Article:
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Thread: Great article by former Aces member about new MSFS

  1. #31

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    It's everywhere! I went to my eye Dr yesterday and he said my vision was '2020'. (I know it's NOT). I asked my eye Dr: ''Have you, by any chance, been contacted by Microsoft lately?'' He just SMILED, said nothing, and walked out. HA!
    Chuck B
    Napamule
    i7 2600K @ 3.4 Ghz (Turbo-Boost to 3.877 Ghz), Asus P8H67 Pro, Super Talent 8 Gb DDR3/1333 Dual Channel, XFX Radeon R7-360B 2Gb DDR5, Corsair 650 W PSU, Dell 23 in (2048x1152), Windows7 Pro 64 bit, MS Sidewinder Precision 2 Joy, Logitech K-360 wireless KB & Mouse, Targus PAUK10U USB Keypad for Throttle (F1 to F4)/Spoiler/Tailhook/Wing Fold/Pitch Trim/Parking Brake/Snap to 2D Panel/View Change. Installed on 250 Gb (D. FS9 and FSX Acceleration (locked at 30 FPS).

  2. #32
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    Quote Originally Posted by napamule2 View Post
    Mark my words: it will be 2021 before the SDK will be available. Without it you got no developers.
    At the very least they have already been talking to third party developers and have indicated a preview of the SDK will be out this fall. Still have to wait for more details though.

  3. #33
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    Quote Originally Posted by tiger1962 View Post
    Quite healthy yes, but not quite as healthy as the other platforms, as your newzoo.com article link to the 2019 stats points out:
    ...
    That's still a far cry from being in rapid decline. Many billions of dollars in revenue and growing, even slowly, sounds plenty healthy to me. Especially after a decade or two of people predicting the imminent demise of PC gaming.

  4. #34
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    Quote Originally Posted by loki View Post
    That's still a far cry from being in rapid decline. Many billions of dollars in revenue and growing, even slowly, sounds plenty healthy to me.
    I can see that you're a "glass half-full" kinda guy and there's nothing wrong with that. I'm not predicting the imminent demise of gaming PC's, after all you can still buy vinyl records, but high-end gaming PC's might become harder to find and cost a lot more after the launch of the next generation consoles.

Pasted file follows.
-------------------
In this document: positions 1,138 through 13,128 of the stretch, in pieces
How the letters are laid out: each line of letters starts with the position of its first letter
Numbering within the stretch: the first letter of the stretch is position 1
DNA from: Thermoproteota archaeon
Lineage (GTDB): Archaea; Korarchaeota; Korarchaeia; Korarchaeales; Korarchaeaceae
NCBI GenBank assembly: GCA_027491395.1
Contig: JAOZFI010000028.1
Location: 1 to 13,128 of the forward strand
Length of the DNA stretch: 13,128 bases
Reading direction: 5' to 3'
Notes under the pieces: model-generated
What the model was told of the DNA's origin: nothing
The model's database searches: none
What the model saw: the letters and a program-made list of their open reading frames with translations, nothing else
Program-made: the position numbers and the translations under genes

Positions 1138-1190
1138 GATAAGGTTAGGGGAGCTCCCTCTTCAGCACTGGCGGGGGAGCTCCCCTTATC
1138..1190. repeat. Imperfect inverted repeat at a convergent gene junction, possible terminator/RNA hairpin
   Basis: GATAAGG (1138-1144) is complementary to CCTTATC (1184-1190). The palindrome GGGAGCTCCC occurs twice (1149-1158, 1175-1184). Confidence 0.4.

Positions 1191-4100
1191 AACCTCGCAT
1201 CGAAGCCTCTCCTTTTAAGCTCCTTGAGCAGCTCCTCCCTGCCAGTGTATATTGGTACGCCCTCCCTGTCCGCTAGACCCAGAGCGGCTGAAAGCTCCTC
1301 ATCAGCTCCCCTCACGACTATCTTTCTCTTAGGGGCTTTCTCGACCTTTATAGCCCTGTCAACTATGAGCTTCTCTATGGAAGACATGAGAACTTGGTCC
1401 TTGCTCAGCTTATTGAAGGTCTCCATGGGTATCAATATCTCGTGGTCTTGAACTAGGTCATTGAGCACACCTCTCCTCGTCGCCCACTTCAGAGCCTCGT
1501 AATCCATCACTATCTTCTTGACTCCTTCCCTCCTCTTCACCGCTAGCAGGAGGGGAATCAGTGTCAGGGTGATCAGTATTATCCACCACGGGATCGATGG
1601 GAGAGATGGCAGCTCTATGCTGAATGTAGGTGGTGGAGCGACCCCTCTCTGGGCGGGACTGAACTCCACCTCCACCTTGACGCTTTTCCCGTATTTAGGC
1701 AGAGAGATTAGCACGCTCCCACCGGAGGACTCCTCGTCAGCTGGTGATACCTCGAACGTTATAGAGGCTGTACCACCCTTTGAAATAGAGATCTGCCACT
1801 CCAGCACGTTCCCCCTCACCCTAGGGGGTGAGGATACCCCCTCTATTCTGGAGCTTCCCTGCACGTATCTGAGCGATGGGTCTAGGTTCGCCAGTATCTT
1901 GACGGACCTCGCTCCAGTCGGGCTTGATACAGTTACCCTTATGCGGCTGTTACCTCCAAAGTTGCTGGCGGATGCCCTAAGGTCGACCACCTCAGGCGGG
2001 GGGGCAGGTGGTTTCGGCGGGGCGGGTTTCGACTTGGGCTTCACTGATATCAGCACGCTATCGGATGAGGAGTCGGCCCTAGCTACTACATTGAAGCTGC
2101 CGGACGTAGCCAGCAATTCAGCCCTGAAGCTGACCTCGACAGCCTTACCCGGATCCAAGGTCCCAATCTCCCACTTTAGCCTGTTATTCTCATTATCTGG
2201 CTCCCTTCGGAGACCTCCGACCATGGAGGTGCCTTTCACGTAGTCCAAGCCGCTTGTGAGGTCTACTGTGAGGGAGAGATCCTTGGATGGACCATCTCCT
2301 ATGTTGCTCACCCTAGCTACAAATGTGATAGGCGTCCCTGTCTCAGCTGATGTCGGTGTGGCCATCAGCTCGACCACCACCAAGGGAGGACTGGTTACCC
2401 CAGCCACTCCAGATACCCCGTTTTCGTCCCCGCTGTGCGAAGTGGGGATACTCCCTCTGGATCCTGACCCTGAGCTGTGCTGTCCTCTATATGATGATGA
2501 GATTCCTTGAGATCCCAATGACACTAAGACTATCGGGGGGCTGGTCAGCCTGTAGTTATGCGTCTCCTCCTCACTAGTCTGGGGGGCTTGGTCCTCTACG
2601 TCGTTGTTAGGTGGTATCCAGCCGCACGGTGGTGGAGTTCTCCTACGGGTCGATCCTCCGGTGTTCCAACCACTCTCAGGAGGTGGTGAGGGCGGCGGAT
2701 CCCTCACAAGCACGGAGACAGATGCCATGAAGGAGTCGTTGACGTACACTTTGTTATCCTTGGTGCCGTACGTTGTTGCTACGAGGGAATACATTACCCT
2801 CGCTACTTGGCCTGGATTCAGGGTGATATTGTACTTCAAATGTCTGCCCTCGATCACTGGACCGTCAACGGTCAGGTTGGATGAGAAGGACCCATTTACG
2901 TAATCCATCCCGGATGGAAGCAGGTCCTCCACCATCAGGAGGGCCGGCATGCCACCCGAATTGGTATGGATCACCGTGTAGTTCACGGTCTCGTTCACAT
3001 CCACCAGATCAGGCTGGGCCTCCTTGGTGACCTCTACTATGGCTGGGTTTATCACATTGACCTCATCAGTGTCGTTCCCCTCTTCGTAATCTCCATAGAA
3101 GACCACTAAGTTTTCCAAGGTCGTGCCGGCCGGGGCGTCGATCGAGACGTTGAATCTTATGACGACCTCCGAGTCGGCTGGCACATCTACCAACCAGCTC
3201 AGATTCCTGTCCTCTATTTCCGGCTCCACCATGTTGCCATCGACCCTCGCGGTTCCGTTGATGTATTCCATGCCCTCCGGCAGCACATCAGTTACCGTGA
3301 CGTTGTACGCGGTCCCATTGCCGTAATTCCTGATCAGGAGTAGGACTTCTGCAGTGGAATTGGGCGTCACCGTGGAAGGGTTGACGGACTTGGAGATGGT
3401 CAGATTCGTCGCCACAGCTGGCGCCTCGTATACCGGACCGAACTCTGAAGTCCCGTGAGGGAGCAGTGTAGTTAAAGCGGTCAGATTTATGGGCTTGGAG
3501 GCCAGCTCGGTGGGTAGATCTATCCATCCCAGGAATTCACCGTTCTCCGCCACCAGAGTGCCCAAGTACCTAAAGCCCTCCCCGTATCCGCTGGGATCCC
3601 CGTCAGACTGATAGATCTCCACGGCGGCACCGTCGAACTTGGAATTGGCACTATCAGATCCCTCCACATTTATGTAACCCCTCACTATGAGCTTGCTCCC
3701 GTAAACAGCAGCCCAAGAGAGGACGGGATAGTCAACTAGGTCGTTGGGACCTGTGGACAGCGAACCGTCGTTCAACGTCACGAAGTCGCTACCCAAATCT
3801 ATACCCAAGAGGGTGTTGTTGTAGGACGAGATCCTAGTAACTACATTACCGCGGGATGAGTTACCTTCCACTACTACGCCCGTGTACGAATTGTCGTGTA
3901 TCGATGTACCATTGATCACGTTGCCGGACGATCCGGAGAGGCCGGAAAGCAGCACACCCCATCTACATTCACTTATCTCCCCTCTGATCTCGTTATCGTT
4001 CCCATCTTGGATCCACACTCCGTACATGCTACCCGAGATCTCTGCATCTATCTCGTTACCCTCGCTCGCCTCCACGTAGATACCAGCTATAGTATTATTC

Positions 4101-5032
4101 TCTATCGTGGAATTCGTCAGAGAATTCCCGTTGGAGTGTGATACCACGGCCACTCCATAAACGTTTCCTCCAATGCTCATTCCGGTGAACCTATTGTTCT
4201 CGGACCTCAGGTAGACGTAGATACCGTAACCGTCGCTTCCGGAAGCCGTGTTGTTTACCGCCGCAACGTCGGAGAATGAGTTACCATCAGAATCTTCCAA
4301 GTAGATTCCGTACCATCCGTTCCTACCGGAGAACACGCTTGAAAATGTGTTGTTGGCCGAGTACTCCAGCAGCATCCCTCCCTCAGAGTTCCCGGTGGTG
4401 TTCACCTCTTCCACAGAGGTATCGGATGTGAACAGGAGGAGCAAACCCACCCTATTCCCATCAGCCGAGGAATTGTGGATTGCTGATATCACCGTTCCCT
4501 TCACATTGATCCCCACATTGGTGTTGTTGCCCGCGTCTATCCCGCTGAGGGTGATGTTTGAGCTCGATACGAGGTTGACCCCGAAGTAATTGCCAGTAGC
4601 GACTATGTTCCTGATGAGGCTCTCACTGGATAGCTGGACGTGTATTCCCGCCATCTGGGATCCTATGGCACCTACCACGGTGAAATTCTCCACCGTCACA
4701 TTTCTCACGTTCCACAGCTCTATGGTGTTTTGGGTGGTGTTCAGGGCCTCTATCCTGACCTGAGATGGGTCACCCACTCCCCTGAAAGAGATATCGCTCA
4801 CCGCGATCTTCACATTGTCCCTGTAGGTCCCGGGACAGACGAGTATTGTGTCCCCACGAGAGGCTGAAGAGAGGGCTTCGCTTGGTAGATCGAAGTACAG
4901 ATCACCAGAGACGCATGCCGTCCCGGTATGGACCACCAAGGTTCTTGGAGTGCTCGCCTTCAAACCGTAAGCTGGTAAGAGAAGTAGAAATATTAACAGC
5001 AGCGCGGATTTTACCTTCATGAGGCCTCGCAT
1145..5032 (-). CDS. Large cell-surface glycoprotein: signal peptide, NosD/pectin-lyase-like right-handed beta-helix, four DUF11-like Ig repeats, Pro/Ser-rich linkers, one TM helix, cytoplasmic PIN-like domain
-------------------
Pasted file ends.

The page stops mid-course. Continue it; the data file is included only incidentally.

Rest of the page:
Tim Wright "The older I get, the better I was..."
    Gigabyte Aorus GA-Z270X-Gaming 7, Intel i5-7600k 3.80GHz OC'd 4.2GHz, NZXT X62 Kraken, 16Gb 3500MHz Ram, 1TB & 2TB Samsung Hybrid SSD's, LG DVDRW, NVidia GTX1050Ti 4Gb, Phanteks Enthoo Pro M case, CH Yoke & Pedals, Asus K272HL 27" Monitor, Windows 7 x64

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    I don't think Microsoft is trying to kill off the desktop PC, but in general they're trying to make "PCs" of all types - Laptops, All-in-Ones, Tablet/Convertibles (like Surface) and desktops - more "plug and play" than ever before. Consoles are sort of the ultimate of that. Load the software, plug in the controllers and go with a minimum of fuss other than downloading updates.

    PCs of all types have come a long way from the old days of fiddling with memory allocation to make games run, and fiddling with driver settings to get games to run/play sound, or get a joystick to work. But we still deal with installing the right drivers for the peripherals attached and components inside the computer. We still deal with software that has problems with some driver versions and not others, and software and drivers that break when Microsoft releases a Windows update.

    Consoles sidestep that, and Microsoft is trying to bring changes to Windows that brings some of that simplicity to the PC platform. It's still a long way off, and frustrating as heck when it doesn't work or another update breaks something. But like some of the near-forgotten pain of "plug and pray" under Windows 95 & 98 that gave way to a much better situation under Windows XP, it will eventually get there. (Also, anybody remember how much resistance there was to XP when it first came out, and then later on you could barely pry folks away from XP?)

    Desktops will be around for a long time yet to come, but for a lot of computer users, console-like systems are going to become more and more popular. They might steadily eat into sales of low- and middle-range gaming desktops. But for people who want to chase the cutting edge, higher-end desktops are probably going to be around for a good long time.

    I think the question that Microsoft asked themselves is, how many flight sim users really want to tend to building and keeping a PC running for the sake of the sim software, vs how many just want to fire it up and fly? Working toward a console release keeps development on a path that will hopefully avoid pain points like dealing with FSX.CFG or using Nvidia Inspector to get around limited or clunky graphics settings. Or installing add-ons that require you to run and installer and multiple post-install steps before you can launch the sim. Or add-ons that need their multiple parts copied to various folders. The console isn't just a "lowest common denominator" of hardware capability. It's also a standard for ease of use when it comes to configuration and content setup. What if we didn't have to be deeply "computer savvy" just to set up and run MSFS?

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